Many other words he spoke, as potent as were long before in Tirion the words of his father that first inflamed the Noldor to rebellion. And after Celegorm Curufin spoke, more softly but with no less power, conjuring in the minds of the Elves a vision of war and the ruin of Nargothrond. So great a fear did he set in their hearts that never after until the time of Túrin would any Elf of that realm go into open battle; but with stealth and ambush, with wizardry and venomed dart, they pursued all strangers, forgetting the bonds of kinship. Thus they fell from the valour and freedom of the Elves of old, and their land was darkened.
And now they murmured that Finarfin's son was not as a Vala to command them, and they turned their faces from him. But the curse of Mandos came upon the brothers, and dark thoughts arose in their hearts, thinking to send forth Felagund alone to his death, and to usurp, it might be, the throne of Nargothrond; for they were of the eldest line of the princes of the Noldor.
And Felagund seeing that he was forsaken took from his head the silver crown of Nargothrond and cast it at his feet, saying: 'Your oaths of faith to me you may break, but I must hold my bond. Yet if there be any on whom the shadow of out curse has not yet fallen, I should find at least a few to follow me, and should not go hence as a beggar that is thrust from the gates.' There were ten that stood by him; and the chief of them, who was named Edrahil, stooping lifted the crown and asked that it be given to a steward until Felagund's return. 'for you remain my king, and theirs,' he said, 'whatever betide.'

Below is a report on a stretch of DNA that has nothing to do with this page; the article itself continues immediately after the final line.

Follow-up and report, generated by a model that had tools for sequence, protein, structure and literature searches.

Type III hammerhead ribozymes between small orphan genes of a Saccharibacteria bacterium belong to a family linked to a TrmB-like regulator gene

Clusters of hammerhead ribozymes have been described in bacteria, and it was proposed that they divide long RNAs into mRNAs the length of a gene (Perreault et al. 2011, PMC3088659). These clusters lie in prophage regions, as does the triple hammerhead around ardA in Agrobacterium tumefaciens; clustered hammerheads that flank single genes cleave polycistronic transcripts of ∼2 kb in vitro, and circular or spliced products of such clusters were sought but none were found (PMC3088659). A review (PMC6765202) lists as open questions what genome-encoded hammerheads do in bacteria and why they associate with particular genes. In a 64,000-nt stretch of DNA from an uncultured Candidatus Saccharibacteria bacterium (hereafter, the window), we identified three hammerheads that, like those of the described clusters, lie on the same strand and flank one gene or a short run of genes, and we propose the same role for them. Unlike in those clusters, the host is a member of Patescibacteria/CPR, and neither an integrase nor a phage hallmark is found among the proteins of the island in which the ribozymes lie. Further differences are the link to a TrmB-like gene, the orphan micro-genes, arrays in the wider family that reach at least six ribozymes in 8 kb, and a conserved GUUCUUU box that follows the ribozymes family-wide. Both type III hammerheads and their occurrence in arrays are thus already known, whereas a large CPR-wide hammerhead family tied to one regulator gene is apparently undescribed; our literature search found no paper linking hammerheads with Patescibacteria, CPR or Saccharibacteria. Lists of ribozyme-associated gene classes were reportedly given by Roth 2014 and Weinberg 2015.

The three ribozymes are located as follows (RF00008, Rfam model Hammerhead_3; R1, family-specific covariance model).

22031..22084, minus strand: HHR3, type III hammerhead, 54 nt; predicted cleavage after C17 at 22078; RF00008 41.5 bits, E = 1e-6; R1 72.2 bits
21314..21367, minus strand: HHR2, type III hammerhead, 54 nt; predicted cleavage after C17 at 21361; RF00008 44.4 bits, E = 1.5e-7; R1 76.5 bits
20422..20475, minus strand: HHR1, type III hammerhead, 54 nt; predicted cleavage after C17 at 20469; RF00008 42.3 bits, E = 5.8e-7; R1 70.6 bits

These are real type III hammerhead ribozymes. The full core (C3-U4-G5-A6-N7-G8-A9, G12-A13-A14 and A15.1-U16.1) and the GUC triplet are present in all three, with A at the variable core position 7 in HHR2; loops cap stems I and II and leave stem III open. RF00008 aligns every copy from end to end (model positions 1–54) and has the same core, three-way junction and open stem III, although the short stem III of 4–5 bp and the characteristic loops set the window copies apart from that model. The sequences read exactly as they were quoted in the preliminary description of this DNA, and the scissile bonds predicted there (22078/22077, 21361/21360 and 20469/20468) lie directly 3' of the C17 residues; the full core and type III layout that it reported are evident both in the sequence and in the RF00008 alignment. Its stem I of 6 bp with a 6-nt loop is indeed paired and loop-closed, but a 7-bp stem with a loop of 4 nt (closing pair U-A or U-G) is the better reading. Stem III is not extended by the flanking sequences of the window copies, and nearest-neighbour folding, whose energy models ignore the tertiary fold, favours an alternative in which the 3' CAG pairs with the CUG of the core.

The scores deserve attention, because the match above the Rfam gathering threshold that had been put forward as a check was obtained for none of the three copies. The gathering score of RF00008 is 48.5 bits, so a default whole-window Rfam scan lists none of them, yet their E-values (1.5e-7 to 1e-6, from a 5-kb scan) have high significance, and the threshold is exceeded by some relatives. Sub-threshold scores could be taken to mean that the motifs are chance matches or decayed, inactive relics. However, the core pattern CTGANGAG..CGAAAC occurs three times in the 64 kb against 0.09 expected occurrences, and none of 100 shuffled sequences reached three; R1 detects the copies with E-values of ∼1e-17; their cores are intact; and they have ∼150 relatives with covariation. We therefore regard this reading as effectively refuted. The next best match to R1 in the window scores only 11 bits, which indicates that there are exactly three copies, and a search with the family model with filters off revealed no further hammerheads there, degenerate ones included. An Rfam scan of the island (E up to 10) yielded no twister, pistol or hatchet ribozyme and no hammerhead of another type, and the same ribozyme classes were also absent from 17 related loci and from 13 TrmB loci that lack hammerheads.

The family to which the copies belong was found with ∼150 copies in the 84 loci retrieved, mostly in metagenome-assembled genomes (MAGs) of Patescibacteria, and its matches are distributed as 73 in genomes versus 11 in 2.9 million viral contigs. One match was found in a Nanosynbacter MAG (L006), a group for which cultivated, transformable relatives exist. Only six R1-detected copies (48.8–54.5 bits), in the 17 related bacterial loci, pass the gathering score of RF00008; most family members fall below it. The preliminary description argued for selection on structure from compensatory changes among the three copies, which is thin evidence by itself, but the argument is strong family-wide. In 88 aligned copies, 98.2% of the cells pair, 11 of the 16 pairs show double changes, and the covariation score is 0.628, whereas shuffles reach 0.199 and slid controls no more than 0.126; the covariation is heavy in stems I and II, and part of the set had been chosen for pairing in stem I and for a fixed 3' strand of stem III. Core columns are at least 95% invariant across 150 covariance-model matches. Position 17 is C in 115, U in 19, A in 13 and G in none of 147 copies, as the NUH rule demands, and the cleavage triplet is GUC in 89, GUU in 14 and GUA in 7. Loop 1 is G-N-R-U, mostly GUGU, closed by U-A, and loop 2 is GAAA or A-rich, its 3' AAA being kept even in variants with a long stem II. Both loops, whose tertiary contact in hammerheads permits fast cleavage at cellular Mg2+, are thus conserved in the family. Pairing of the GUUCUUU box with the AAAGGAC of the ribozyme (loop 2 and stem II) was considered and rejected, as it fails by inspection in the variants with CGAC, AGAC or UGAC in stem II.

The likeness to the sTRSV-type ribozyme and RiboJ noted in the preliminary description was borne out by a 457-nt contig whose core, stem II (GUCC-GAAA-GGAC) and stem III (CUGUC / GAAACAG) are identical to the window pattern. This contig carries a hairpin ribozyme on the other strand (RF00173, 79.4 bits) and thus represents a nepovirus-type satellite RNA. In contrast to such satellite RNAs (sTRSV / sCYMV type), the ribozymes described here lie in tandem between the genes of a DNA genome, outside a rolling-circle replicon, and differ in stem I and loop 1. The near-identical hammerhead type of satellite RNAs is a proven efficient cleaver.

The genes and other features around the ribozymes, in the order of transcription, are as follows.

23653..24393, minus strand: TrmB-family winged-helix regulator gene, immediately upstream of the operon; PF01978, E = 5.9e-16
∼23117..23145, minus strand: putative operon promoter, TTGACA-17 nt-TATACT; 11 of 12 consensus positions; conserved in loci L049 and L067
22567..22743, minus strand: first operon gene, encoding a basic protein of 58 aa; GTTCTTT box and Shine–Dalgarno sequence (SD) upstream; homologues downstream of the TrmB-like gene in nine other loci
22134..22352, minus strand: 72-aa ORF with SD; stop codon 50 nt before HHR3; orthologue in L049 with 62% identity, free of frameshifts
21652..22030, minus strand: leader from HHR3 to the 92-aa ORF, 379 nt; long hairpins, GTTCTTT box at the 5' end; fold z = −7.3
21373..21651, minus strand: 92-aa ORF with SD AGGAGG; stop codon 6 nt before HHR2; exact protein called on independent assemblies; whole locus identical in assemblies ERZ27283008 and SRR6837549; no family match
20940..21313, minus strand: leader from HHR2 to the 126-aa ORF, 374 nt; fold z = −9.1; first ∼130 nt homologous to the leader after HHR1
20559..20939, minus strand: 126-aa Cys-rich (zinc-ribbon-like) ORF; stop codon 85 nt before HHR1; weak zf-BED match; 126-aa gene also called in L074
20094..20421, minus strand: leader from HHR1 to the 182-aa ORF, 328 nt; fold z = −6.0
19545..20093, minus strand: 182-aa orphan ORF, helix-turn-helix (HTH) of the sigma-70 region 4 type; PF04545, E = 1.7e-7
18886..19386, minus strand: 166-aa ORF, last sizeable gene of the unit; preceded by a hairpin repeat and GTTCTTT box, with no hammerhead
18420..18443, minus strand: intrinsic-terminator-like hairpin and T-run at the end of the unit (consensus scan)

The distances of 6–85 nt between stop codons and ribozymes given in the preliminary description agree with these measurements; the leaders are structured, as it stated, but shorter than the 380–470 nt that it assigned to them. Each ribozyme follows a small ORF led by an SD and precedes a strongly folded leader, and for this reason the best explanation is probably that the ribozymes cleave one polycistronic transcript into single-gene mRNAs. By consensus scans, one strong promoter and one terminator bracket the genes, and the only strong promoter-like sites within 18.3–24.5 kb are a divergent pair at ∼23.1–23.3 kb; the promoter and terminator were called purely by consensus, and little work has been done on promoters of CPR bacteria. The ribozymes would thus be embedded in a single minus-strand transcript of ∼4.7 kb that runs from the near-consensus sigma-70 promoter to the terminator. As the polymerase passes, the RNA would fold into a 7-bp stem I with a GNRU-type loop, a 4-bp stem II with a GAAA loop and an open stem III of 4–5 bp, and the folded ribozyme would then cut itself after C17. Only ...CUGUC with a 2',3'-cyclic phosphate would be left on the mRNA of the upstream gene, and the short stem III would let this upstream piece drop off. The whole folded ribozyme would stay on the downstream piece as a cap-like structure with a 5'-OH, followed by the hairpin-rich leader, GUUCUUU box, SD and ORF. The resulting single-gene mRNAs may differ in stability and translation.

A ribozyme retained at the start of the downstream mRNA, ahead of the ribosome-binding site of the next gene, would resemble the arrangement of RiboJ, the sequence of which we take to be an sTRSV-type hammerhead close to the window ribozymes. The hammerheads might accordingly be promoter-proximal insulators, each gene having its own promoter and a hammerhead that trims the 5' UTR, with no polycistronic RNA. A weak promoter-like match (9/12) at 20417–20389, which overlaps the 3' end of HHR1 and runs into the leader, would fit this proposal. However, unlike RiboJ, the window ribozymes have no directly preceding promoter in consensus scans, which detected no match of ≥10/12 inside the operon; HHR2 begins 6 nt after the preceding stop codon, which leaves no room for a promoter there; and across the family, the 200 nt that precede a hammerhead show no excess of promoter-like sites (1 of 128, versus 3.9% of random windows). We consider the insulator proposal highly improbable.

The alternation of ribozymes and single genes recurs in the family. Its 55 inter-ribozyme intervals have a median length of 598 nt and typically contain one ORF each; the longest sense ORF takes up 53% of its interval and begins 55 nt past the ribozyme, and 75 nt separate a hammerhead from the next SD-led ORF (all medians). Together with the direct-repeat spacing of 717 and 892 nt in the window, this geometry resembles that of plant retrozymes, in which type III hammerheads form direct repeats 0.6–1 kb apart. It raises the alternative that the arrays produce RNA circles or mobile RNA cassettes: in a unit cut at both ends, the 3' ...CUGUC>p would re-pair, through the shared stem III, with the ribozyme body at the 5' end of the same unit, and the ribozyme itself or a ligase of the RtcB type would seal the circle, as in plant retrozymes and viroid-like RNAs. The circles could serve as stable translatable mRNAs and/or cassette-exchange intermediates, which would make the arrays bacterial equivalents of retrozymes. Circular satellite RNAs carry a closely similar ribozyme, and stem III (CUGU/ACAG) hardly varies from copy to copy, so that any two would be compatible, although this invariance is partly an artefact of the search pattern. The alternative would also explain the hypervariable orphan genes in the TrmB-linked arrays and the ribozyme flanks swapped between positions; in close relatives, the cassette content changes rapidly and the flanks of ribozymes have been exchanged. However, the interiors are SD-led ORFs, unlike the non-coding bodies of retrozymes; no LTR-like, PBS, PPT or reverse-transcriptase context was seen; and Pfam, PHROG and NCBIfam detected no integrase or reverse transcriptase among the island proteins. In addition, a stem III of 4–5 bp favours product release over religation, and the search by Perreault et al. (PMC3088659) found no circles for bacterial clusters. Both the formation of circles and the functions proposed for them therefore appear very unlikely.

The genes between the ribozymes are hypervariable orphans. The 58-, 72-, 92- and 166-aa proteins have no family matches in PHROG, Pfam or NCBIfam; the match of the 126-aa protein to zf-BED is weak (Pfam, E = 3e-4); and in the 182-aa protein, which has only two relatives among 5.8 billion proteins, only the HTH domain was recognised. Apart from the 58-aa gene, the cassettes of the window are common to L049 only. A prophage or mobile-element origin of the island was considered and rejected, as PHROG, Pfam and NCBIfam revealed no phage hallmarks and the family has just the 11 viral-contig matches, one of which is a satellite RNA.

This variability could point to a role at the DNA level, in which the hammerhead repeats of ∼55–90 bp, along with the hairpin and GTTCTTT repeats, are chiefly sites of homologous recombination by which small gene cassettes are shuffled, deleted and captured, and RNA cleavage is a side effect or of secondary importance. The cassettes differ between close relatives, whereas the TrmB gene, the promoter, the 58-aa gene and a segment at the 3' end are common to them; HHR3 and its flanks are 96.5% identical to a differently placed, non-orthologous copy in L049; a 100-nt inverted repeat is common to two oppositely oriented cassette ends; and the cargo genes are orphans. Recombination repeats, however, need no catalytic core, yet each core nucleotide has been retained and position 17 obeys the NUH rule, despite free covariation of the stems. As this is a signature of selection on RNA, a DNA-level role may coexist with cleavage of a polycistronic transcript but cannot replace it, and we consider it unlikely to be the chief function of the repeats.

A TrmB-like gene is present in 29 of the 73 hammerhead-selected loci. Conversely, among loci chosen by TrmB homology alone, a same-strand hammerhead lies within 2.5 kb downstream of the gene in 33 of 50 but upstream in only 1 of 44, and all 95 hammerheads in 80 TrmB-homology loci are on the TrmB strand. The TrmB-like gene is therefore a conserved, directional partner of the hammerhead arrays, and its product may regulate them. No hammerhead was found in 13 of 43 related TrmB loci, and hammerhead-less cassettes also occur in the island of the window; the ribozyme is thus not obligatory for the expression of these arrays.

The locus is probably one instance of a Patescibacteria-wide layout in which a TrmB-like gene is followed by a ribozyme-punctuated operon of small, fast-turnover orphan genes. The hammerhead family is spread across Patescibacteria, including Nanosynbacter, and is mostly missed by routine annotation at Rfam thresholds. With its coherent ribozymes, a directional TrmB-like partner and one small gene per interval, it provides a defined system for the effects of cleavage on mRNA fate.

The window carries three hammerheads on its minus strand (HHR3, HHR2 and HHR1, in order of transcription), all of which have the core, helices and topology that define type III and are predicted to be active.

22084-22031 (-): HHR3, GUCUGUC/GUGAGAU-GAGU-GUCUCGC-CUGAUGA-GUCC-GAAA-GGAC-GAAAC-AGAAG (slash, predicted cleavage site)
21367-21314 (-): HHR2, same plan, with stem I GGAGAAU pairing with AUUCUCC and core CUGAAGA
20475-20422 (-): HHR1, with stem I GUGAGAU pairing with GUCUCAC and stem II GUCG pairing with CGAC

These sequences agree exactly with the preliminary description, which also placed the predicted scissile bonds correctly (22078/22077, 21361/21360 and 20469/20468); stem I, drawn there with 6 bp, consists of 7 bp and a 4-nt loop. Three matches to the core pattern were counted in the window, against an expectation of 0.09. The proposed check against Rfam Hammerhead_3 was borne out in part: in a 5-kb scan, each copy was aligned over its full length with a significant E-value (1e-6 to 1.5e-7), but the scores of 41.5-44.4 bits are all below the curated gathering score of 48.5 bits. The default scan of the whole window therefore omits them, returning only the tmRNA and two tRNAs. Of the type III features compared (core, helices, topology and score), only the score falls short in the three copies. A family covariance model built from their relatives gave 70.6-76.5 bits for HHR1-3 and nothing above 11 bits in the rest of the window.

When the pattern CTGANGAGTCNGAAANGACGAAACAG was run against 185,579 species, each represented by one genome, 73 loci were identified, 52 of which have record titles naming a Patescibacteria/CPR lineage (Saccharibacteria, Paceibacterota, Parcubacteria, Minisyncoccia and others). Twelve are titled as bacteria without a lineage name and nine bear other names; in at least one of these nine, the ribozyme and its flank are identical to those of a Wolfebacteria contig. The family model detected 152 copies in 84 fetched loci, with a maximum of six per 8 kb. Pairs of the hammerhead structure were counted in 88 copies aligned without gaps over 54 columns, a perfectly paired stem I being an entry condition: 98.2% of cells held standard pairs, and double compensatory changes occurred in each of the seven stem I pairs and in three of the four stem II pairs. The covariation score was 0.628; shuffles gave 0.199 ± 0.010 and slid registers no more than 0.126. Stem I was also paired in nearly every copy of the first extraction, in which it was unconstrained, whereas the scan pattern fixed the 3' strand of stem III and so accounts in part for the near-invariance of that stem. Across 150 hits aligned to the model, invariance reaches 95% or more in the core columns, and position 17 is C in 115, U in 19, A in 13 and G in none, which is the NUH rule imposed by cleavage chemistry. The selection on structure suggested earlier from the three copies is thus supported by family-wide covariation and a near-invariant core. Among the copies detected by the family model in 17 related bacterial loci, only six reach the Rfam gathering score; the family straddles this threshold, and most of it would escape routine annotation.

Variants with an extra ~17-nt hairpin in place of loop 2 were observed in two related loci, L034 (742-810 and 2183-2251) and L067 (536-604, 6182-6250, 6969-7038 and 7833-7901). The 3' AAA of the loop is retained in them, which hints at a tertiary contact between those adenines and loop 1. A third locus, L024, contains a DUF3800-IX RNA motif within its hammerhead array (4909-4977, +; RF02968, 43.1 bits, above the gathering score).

Then Felagund gave the crown of Nargothrond to Orodreth his brother to govern in his stead; and Celegorm and Curufin said nothing, but they smiled and went from the halls.